4 min read.Updated: 23 Feb 2021, 09:19 PM ISTTulsi Jayakumar
The gig model would need a rethink if the rationale of a UK ruling on Uber drivers being employees is held valid in India too
A recent ruling by the apex judicial body in the United Kingdom against Uber is likely to change job-market rules in the fast-growing ‘gig’ economy and the attendant business models on which the gig economy is based. The ruling itself was based on a long-drawn case dating back to 2016, when 35 Uber drivers had gone to court against the company arguing that with Uber allocating their customers and dictating fares, they were not self-employed, but Uber-controlled.
The UK Supreme court considered whether the drivers who worked for Uber through its app ought to be treated as ‘workers’ or as ‘independent contractors’ performing services under contracts made with passengers through Uber as a booking agent. This would determine whether or not Uber was bound to pay such drivers UK’s minimum wages, apart from other worker rights like paid annual leave, and would thus affect its business model. The court also considered the duration for which these ‘part-time’ drivers would be treated as working for Uber—whether for the entire period for which the drivers were logged onto the Uber app and were ready and willing to accept trips, or only the period during which they were driving passengers to their destinations.
With no written agreement between Uber London and the drivers, the court chose to infer the nature of the relationship “from the parties’ conduct, considered in its relevant factual and legal context", rather than on the basis of ordinary principles of contract law and agency. Ruling in favour of the drivers, the court noted their position of subordination and dependency in relation to Uber, “such that they have little or no ability to improve their economic position through professional or entrepreneurial skill."
This ruling is likely to impact the future of work in the gig economy everywhere. The gig economy refers to “economic activity that involves the use of temporary or freelance workers to perform jobs typically in the service sector." It comprises not just temporary blue-collar workers in delivery and taxi-aggregator services, but also white-collar ‘independent contractors’ and consultants in different sectors—such as information technology, content creation, social media marketing and communications and creative fields—who are hired through digital platforms.
The phenomenon of out-of-job workers looking for employment between jobs is captured through a concept called ‘frictional unemployment’ in macroeconomics. During a slowdown, temporary employment becomes particularly important and can aid an economic recovery. The pandemic-led recession may, paradoxically, have bucked the trend towards a structured system of temporary employment through the working of a gig economy. A crucial difference between recessions in the past and the current one is in the nature of such temporary employment, with both job-seekers and job-providers actively seeking and accepting a gig framework-led business model.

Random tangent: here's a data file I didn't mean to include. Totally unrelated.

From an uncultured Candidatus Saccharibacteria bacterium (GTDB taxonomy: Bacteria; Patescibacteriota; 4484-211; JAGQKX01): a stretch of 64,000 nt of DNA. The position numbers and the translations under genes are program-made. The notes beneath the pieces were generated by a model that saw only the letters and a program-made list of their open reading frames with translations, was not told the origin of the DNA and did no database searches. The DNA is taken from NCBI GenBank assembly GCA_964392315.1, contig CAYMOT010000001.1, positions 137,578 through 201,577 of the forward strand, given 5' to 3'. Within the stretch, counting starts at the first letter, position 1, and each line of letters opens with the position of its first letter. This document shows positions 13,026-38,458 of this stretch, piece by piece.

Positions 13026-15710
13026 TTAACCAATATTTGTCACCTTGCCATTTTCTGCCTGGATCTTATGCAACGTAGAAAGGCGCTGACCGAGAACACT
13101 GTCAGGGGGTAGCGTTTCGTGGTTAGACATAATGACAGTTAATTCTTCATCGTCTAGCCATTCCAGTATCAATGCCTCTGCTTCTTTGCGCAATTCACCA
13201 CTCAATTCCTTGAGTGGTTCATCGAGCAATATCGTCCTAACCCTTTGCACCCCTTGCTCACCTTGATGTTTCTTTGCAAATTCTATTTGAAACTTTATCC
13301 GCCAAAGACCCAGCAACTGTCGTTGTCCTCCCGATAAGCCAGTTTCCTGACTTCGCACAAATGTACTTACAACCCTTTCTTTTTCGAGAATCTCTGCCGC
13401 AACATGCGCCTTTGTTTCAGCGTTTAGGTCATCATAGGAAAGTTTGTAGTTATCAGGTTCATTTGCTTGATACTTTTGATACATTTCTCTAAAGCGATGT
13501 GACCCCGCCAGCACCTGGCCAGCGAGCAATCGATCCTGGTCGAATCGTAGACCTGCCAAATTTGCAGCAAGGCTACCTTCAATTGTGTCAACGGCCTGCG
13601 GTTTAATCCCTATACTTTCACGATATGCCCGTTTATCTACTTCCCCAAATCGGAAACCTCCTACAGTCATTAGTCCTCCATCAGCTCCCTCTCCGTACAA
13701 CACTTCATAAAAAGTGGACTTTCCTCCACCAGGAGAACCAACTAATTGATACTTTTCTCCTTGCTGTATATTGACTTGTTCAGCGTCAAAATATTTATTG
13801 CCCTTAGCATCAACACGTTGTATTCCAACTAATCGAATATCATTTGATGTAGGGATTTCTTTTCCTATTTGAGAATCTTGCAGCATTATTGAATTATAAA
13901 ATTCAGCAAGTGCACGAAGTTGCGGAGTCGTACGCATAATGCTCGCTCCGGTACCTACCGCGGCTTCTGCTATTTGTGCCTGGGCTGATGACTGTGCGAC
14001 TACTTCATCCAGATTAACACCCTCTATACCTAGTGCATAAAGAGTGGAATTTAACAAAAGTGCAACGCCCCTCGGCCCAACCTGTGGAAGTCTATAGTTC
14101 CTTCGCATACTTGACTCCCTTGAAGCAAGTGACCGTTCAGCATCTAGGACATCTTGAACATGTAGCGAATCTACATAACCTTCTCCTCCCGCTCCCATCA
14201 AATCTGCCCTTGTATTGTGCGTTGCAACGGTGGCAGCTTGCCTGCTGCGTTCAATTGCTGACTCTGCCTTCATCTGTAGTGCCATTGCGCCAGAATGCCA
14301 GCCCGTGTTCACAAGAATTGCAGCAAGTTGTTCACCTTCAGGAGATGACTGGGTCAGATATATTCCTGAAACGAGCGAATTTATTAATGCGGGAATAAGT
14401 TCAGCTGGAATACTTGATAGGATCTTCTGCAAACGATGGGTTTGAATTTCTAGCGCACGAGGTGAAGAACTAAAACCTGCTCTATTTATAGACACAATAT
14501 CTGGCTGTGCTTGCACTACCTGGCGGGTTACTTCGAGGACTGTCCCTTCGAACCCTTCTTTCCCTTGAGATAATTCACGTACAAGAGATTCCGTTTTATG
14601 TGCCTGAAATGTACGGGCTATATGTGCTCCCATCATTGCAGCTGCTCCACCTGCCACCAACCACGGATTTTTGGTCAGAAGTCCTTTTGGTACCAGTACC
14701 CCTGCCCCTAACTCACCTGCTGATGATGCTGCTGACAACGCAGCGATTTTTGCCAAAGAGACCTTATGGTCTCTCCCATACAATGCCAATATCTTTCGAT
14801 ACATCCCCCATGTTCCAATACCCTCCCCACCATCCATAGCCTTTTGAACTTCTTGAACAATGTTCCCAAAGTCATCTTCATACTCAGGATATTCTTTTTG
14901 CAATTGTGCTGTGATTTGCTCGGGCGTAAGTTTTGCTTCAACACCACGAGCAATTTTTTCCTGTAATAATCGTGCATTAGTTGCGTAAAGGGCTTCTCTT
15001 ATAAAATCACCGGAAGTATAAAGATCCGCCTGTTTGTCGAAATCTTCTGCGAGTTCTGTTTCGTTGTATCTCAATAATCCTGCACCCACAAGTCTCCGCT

Employing firms may prefer such a gig economy for multiple reasons, which are likely to have been sharply accentuated in the context of pandemic- induced uncertainty. These include the complexity and difficulty involved in hiring, training, engaging and retaining full-time human resources, the fluidity associated with gig models, the huge cost reductions possible with such a temporary work-force in terms of real estate, training and skilling, etc., as also the lower direct monetary burden associated with employing full-time labour. More importantly, a gig economy holds the promise of converting the human resources engaged by the contracting firm—both skilled and unskilled—into the latter’s assets, as distinct from costs.
From workers’ point of view, a gig economy offers the flexibility to decide what one wants to do (and more importantly not do), when, for whom, and from where. Along with this flexibility comes the added opportunities of taking up multiple jobs to boost income, avoiding the dreariness associated with full-time jobs, upskilling, and/or pursuing hobbies alongside.
Various recent surveys have captured trends in India’s gig economy. An Aon-Nasscom Survey in December 2020 found that the proportion of the gig workforce in various major sectors—including pharmaceuticals, fast moving consumer goods, banking, financial services and insurance, manufacturing, services, technology and business process outsourcing, and ed tech—is likely to go up from about 50% to 76%. Two-thirds of the companies surveyed planned to increase the number of gig workers they engaged over the next two to five years. Industry body Assocham projected this January that India’s gig economy would grow at a compound annual growth rate of 17% to reach $455 billion by 2023.
While attractive, organizations have found it challenging even in the past to engage and manage a gig workforce that they have under-invested in. Aligning a group of geographically-dispersed temporary workers with company culture has been another challenge. For firms seeking to explore these new business models and transition to them, the UK ruling and its ramifications will throw a spanner in the works. Even as the future of work in India gets reimagined, companies desirous of moving onto gig platforms involving a variety of blue-collar and white-collar functions will need to carefully work out the legal aspects of such a transition. Policymakers will need to look at the regulatory aspects of such a transition, and ensure that the interests of both parties are balanced. They must also take into consideration the macroeconomic implications of an economy that is always ‘temporarily’ at full employment.
Tulsi Jayakumar is professor of economics at SP Jain Institute of Management and Research, Mumbai. These are the author’s personal views.